The balance sheets of banks in the country will take a hit if deposits exceed the amount immobilised by the demonetisation announcement on 8 November, experts tracking the banking sector closely have said.
Speculation has been rife in banking and corporate circles that deposits in banks by 30 December – the deadline for depositing the old Rs 500 and Rs 1,000 notes – may exceed the amount that was immobilised.
Such an eventuality is very unlikely. But in the days of “known unknowns” and “unknown unknowns” – which is what the aftermath of demonetisation has been so far – what will happen in such a situation?
If this were to happen, it could only mean that counterfeit notes have made their way back into the banking system. This would further increase the burden on the banking system.
What if Deposits Exceed Immobilised Amount?
- Banks will take a hit if deposits exceed the amount declared as illegal tender
- Excess deposits would mean entry of counterfeit notes back into the system
- It is the responsibility of banks to detect counterfeit notes
- Bankers told The Quint that standard procedures to detect counterfeit notes may not have been followed in the mad rush after demonetisation
Experts The Quint spoke to say “all hell will break loose” if the whispers turn out to be true, adding, however, that it would be the most unlikely scenario.
According to the RBI, the amount of deposits reached Rs 11.55 lakh crore on 6 December. The figure rose to Rs 12.44 lakh crore by 10 December. What this means is that the average amount of daily deposits last week was over Rs 20,000 crore.
If the banking system continues to get deposits at the same rate, we are more likely to see deposits of nearly Rs 15 lakh crore by 30 December. That was precisely the amount immobilised with the demonetisation announcement.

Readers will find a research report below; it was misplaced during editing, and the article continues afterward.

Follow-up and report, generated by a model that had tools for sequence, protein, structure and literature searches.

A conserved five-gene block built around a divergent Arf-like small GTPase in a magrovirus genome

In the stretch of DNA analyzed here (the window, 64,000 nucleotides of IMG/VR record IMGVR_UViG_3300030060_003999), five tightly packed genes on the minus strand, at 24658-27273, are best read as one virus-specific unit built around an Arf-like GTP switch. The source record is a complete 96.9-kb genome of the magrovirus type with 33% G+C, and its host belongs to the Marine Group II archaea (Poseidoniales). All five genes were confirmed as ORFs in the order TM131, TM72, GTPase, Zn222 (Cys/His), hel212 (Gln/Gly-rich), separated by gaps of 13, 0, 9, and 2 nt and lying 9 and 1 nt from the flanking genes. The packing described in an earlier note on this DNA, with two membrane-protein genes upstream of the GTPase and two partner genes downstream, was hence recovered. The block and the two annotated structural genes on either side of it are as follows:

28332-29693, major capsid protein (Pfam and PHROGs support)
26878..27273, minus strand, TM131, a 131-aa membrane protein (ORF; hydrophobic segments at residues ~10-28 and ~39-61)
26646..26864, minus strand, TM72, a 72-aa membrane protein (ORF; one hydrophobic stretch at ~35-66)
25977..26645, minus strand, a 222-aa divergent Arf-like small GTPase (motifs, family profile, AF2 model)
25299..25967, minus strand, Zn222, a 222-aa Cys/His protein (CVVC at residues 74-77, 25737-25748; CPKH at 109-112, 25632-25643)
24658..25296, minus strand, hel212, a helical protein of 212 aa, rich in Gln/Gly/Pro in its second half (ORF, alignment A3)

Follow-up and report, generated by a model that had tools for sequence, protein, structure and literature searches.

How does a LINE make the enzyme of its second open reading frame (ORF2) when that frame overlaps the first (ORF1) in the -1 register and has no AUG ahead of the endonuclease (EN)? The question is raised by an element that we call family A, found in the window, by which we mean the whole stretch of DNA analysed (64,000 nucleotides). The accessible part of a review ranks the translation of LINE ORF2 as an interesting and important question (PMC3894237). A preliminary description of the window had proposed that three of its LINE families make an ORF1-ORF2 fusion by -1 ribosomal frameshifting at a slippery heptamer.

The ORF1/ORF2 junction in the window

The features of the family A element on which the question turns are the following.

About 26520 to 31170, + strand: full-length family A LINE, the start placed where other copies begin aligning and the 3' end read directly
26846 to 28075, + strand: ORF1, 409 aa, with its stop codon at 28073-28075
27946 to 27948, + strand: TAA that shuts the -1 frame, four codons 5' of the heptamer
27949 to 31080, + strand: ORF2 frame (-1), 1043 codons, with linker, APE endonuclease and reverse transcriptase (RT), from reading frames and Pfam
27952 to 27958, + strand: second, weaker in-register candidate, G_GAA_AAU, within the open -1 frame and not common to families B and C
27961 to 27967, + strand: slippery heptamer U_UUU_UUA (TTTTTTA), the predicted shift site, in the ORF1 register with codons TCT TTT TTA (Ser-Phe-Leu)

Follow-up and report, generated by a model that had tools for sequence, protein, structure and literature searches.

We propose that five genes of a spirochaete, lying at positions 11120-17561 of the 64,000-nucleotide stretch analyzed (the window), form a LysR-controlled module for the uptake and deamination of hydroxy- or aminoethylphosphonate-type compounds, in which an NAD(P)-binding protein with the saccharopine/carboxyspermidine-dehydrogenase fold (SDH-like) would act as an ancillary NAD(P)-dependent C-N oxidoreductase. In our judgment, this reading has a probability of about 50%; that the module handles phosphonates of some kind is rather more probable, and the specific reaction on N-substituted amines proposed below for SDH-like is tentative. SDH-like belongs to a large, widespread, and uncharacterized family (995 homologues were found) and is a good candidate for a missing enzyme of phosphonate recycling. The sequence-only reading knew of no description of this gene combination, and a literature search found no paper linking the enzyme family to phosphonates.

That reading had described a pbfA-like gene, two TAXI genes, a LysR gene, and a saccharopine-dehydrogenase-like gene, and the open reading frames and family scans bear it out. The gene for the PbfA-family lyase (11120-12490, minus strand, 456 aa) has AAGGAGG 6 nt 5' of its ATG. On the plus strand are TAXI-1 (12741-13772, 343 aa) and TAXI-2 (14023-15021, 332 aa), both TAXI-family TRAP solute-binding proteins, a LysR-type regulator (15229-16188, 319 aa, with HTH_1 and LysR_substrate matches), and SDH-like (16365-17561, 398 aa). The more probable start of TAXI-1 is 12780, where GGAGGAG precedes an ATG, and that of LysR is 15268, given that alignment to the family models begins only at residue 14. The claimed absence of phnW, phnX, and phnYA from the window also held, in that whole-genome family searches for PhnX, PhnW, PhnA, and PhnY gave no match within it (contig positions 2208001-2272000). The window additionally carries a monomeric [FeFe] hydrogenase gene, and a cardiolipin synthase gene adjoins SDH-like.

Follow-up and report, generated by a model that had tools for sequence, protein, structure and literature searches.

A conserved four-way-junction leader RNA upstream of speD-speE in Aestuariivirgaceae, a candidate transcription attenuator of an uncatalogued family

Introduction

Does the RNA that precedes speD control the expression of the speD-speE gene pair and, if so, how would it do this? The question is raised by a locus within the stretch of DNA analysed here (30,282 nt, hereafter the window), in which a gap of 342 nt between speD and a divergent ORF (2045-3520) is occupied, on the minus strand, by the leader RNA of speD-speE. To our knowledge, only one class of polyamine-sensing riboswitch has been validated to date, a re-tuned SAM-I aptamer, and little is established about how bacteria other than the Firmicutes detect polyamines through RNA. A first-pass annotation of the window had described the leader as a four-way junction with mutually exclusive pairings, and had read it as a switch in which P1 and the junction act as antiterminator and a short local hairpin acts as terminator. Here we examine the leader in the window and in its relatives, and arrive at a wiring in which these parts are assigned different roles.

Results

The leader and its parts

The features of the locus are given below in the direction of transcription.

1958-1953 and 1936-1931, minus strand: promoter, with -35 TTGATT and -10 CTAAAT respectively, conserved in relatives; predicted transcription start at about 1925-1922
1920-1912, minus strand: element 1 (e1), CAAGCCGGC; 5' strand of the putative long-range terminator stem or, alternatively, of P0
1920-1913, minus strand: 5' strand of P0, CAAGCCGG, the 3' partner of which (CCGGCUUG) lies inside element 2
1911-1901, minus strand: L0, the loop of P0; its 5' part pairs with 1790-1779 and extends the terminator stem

The government expected a much lesser amount – somewhere close to Rs 10-11 lakh crore – coming back to the system, giving windfall gains in the form of reduced liability to the RBI.
In keeping with the prevailing thinking then, the RBI could have transferred the gains to the government. The gains thus made could have been used to distribute sops among vulnerable sections of the population.
But What If Counterfeit Notes Are Deposited?
Whatever amount is being collected in the form of deposits have to be submitted to the RBI’s currency chests. The amount deposited in the currency chests is credited to banks’ accounts. However, at the time of depositing cash, banks have to give an undertaking that if there is shortfall in counting of notes or detection of any fake note, an equal amount will be deducted from the bank’s credit.Expert on banking sector who did not wish to be named
What this means is that in the unlikely scenario of fake currency notes entering the banking system, it will affect the balance sheets of banks. This will further add to the banks’ mounting challenges, saddled as they are with burgeoning Non-Performing Assets (NPAs).
Bankers The Quint spoke to say that while bank branches all over the country have the necessary wherewithal to check counterfeit notes, it is likely that in the mad rush since the currency ban, some of the routine procedures may not have been followed.
Most bank branches have machines to detect counterfeit notes. We run all notes through these machines. We followed the process despite the rush of people to deposit their notes. It is likely that at some places bankers may have ignored it. It may have happened because of public pressure.A Banker to The Quint